Elizabeth Fitzpatrick

Senior Scientist, CHEO Research Institute

Dr. Fitzpatrick is a Senior Scientist at the CHEO Research Institute, and a Full Professor in Audiology in the School of Rehabilitation Sciences, University of Ottawa. She is also the Director of the PhD program in Rehabilitation Sciences. Before joining the university, she held clinical and management positions at the Children’s Hospital of Eastern Ontario (CHEO). Working in collaboration with colleagues at CHEO and the Ottawa Hospital, her research on hearing loss and its effects cover the spectrum from infants to adults.

Her current research is primarily supported by a grant from the Canadian Institutes of Health Research (CIHR) and has also been supported by a CIHR New Investigator Award and a Canadian Child Health Clinician Scientist Program career enhancement award. She is on the Board of Directors of the Global Foundation for Children with Hearing Loss. She is an Academic Editor with PLoS One, past the Editor of the Canadian Journal of Speech-Language Pathology and Audiology, and past Associate Editor of the Journal of Deaf Studies and Deaf Education.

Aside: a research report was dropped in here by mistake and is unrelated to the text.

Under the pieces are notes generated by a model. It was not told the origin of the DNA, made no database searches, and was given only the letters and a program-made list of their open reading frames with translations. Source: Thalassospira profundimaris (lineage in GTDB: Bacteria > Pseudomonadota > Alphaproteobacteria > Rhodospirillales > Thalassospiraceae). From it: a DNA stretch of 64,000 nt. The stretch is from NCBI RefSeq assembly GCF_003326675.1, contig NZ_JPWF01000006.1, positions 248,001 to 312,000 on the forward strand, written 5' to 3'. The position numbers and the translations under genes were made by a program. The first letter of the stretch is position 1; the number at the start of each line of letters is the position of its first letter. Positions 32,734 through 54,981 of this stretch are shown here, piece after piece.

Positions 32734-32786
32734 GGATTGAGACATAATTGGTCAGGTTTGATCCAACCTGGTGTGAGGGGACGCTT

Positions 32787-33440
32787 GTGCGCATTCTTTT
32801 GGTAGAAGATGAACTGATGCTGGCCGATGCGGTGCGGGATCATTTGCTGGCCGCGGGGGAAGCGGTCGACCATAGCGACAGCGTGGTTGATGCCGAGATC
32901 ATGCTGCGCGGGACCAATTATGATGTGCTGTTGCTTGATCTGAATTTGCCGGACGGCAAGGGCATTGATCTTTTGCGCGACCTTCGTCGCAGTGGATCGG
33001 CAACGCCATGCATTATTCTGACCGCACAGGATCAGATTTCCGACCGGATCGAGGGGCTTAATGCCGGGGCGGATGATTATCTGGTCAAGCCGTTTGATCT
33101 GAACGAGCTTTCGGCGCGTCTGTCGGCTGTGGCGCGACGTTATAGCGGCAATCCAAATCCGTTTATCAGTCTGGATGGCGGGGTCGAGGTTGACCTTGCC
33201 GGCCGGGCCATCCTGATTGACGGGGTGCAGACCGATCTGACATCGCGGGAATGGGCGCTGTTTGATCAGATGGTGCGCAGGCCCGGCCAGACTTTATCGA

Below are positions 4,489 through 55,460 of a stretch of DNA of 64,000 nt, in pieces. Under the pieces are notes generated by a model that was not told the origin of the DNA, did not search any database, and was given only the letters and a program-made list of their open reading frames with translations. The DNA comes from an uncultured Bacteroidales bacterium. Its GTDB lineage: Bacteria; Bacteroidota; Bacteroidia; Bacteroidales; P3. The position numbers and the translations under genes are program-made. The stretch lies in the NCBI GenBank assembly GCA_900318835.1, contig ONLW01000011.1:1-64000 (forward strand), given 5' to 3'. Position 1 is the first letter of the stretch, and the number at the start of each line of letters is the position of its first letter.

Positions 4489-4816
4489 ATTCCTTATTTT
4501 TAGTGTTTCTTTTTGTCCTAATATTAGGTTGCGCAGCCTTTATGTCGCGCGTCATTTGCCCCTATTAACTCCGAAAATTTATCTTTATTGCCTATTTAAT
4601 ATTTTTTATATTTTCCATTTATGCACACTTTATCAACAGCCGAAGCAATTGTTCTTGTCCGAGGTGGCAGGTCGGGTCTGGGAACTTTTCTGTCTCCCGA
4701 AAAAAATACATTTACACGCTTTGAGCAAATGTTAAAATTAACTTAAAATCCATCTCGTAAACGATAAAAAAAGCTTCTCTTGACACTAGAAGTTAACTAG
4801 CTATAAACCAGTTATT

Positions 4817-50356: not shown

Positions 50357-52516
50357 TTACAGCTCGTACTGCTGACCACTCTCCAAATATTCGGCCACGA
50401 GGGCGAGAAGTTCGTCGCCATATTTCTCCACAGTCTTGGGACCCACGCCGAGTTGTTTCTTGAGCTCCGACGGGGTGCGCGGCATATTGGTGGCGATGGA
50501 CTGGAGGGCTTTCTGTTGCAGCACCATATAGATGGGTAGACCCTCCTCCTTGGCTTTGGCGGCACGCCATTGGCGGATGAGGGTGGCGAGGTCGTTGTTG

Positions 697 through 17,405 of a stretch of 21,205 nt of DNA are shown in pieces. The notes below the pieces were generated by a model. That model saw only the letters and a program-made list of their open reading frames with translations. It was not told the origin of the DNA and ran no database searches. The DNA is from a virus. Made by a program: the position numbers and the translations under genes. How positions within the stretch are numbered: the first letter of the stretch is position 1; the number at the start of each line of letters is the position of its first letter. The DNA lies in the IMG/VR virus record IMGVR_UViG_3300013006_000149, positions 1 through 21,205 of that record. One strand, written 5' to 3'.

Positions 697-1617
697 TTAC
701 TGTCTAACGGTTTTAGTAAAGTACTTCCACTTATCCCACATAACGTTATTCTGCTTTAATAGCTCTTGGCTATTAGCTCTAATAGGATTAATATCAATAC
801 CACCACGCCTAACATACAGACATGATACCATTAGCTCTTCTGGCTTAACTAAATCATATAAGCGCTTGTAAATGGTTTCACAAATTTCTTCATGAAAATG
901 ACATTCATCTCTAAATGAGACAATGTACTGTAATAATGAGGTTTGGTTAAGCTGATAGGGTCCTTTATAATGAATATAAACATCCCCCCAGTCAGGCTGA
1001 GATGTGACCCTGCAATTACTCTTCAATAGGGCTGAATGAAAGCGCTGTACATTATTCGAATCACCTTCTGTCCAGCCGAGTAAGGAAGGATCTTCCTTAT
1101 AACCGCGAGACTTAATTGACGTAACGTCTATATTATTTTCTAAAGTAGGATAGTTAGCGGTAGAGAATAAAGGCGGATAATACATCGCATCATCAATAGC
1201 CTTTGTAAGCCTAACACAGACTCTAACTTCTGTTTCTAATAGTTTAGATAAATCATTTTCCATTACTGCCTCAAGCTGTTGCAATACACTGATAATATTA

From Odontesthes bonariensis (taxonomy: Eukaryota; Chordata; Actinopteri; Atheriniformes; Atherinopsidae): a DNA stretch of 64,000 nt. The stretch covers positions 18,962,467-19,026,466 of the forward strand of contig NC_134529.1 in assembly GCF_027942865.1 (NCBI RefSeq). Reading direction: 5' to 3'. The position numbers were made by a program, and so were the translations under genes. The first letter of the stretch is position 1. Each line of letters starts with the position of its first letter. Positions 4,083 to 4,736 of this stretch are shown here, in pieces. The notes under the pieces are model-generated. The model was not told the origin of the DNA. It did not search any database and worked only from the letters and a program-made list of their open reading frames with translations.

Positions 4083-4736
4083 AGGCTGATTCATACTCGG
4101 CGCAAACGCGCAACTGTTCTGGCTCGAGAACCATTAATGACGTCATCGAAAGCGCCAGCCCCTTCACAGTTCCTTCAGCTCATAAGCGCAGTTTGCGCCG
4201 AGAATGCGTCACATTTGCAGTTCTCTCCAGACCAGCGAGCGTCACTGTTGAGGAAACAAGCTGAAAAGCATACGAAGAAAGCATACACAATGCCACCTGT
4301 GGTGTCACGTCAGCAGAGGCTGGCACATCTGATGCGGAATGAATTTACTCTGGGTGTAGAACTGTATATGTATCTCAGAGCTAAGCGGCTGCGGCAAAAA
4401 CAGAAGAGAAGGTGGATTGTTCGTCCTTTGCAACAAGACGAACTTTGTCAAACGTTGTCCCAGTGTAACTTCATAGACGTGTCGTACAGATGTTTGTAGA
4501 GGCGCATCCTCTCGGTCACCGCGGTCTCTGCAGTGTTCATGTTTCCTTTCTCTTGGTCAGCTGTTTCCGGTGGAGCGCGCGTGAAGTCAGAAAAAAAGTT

Research Projects

  1. Hearing loss prevalence and hearing health among school-aged children in the Canadian Arctic


    One in five school-aged children was found to have hearing loss that is likely to affect classroom learning and social/emotional development. A hearing health strategy tailored to this population is critically needed.

  2. Progressive hearing loss in children with mild bilateral hearing loss


    One third of the children first diagnosed with mild hearing loss in the better ear now have moderate or worse hearing loss in both ears. These findings point to the importance of careful long-term monitoring of children who present with mild hearing loss.

  3. Pharmacologic and surgical therapies for patients with Meniere’s disease: a protocol for a systematic review and meta-analysis


    Our planned systematic review will provide informative evaluations of existing treatments for management of Meniere’s disease.

  4. Auditory, social and behavioral skills of children with unilateral/mild hearing loss


    Results indicate that these children are functioning in most areas like their peers with typical hearing. Additional research on this population of children who may benefit from early identification and amplification is warranted.

  5. Candidacy for Amplification in Children With Hearing Loss: A Review of Guidelines and Recommendations


    There is considerable variation in the guidelines for mild bilateral and unilateral hearing loss with candidacy criteria ranging from 15 to 30 dB HL, and many guidelines recommend a case-by-case decision approach.